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The new Trusts Act and its implications for Trustees

By Jonathon Russell - 31 Aug 2020

The Trusts Act 2019 ( Act) comes into effect in January 2021, providing the first major reform to trust law in over 70 years. Although the Act implements significant changes, the over-arching purpose of the new legislation is to re-state the existing law in a more accessible format, so that it can better assist beneficiaries in holding trustees to account.

The Act clearly sets out a range of obligations as well as a list of "Mandatory Duties" and "Default Duties" to follow. The obligations include a requirement for:

  • every trustee to hold a copy of the trust deed and any variations
  • at least one of the trustees must hold the rest of the "core trust documents". N.B. the Act sets out what the core documents are.

As the name suggests, Mandatory Duties cannot be contracted out of, and therefore must be followed, whereas the Default Duties can be modified or excluded in appropriate circumstances.

The Mandatory duties are to:

  • know the terms of the trust
  • act in accordance with the terms of the trust
  • act honestly and in good faith
  • deal with the trust property and to act for the benefit of the beneficiaries in accordance with the terms of the trust deed, and
  • exercise the trustees' powers for a proper purpose.

Default duties include:

  • a general duty of care
  • a requirement to invest prudently
  • a duty not to exercise power for a trustee's own benefit
  • a duty to consider the exercise of trustees' powers
  • a duty to avoid conflicts of interest
  • a duty of impartiality towards the beneficiaries
  • a duty to act for no reward and not to profit from the trusteeship, and
  • a duty for trustees to act unanimously.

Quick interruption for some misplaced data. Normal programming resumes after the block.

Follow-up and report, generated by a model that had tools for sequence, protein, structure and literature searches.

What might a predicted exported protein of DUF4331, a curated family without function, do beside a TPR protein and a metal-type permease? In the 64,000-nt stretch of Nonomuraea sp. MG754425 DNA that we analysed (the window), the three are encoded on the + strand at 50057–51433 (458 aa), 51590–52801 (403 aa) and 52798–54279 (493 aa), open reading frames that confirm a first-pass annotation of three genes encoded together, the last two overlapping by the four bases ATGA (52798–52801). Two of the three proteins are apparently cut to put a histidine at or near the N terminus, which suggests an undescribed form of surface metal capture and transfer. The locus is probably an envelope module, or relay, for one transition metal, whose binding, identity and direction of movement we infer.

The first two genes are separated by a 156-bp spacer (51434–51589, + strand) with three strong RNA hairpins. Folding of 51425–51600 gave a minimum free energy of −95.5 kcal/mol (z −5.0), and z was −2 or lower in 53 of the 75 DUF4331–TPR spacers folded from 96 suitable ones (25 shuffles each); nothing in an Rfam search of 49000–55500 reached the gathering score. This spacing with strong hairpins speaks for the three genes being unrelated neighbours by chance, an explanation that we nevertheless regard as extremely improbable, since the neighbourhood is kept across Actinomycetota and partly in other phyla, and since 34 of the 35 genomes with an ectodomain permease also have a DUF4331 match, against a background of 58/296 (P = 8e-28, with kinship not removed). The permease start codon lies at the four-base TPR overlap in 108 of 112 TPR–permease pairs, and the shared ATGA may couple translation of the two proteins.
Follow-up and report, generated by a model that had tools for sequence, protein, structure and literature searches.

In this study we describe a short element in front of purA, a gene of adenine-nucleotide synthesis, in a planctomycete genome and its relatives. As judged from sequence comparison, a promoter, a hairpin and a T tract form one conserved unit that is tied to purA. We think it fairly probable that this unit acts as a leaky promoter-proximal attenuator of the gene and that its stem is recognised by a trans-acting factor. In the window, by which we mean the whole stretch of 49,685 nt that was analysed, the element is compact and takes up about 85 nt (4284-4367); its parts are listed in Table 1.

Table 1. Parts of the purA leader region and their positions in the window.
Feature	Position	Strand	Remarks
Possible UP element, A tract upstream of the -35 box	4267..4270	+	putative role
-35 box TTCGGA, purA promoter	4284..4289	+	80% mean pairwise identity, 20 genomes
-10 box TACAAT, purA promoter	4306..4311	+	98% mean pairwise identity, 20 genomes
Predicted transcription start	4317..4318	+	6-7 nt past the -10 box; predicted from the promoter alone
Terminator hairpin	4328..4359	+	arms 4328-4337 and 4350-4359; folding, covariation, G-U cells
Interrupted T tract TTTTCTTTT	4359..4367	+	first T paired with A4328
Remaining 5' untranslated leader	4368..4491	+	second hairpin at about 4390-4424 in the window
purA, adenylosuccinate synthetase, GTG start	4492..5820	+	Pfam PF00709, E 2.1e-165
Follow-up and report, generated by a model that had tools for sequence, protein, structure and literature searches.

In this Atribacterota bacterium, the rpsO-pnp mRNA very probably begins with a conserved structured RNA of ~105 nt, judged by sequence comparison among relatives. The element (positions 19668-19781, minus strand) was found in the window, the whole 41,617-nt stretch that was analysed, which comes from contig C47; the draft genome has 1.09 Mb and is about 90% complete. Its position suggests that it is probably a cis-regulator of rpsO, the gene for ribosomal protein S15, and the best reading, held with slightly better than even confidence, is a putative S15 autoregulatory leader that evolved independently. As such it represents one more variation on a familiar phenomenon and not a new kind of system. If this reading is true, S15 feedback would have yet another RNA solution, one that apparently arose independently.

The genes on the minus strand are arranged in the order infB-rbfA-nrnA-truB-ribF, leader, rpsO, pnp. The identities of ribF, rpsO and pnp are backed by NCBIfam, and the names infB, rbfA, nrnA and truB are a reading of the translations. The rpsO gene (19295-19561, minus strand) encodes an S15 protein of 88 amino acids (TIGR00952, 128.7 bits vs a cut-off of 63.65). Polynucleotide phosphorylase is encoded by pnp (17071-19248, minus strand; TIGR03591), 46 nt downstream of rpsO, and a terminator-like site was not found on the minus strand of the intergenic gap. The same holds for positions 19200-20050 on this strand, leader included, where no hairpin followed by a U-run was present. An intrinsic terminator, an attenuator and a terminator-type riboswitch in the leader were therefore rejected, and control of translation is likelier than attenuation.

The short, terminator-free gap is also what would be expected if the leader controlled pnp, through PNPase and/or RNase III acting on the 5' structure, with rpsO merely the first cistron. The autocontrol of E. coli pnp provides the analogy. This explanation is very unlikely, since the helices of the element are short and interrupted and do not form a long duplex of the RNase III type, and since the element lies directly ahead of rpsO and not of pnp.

It is common for the Default Duties to be modified, even in older trust deeds. For example, most trust deeds we see already provide that:

  • trustees can benefit one beneficiary, to the exclusion of the others (not acting impartially), and
  • allow professional trustees, such as accountants and lawyers, to charge for their services (profiting from the trusteeship).

Beneficiary Disclosure

The Act creates two key presumptions for trustees to follow. These presumptions have come about as a means of ensuring beneficiaries have sufficient information to enforce the terms of the trust and hold the trustees to account.

The first presumption is that trustees must provide certain "basic trust information" to every beneficiary. This means the trustees should voluntarily disclose:

  • the fact that a person is a beneficiary of the trust
  • the name and contact details of the trustees
  • the occurrence of, and details of, each appointment, removal, and retirement of a trustee as it occurs, and
  • the right of the beneficiary to request a copy of the terms of the trust or  further information about the trust. This could include a copy of the trust deed and information around any assets and liabilities.

The second presumption is that if a beneficiary requests further trust information, the trustees must provide that information within a reasonable period of time.

With the new disclosure obligations coming into effect in January 2021, now would be a prudent time to consider the ongoing need for the trust, and to review the list of beneficiaries.

A smaller group of beneficiaries will reduce the number of people the disclosure obligations are owed to, making life easier for the trustees. Where appropriate, consider removing beneficiaries who are not intended to benefit from the trust's assets.

What steps should trustees take now?

Assuming the trust is still needed, before the Act comes into effect in January 2021, trustees must:

  • ensure they hold the required trust documents. If you are unsure if one of the other trustees is meeting this obligation, you should ensure that you hold these documents yourself
  • review the terms of the trust deed to ascertain which default duties have been modified and which ones must be complied with
  • review the list of beneficiaries, and consider removing those who are not intended to benefit from the trust, and
  • consider making disclosure to beneficiaries - at least one non-trustee beneficiary should have sufficient information to hold the trustees to account.

If you are involved with a trust and are unsure how the new Act will affect you when it comes into effect on 30 January, please contact Jonathon Russell or any member of our Trusts Team.



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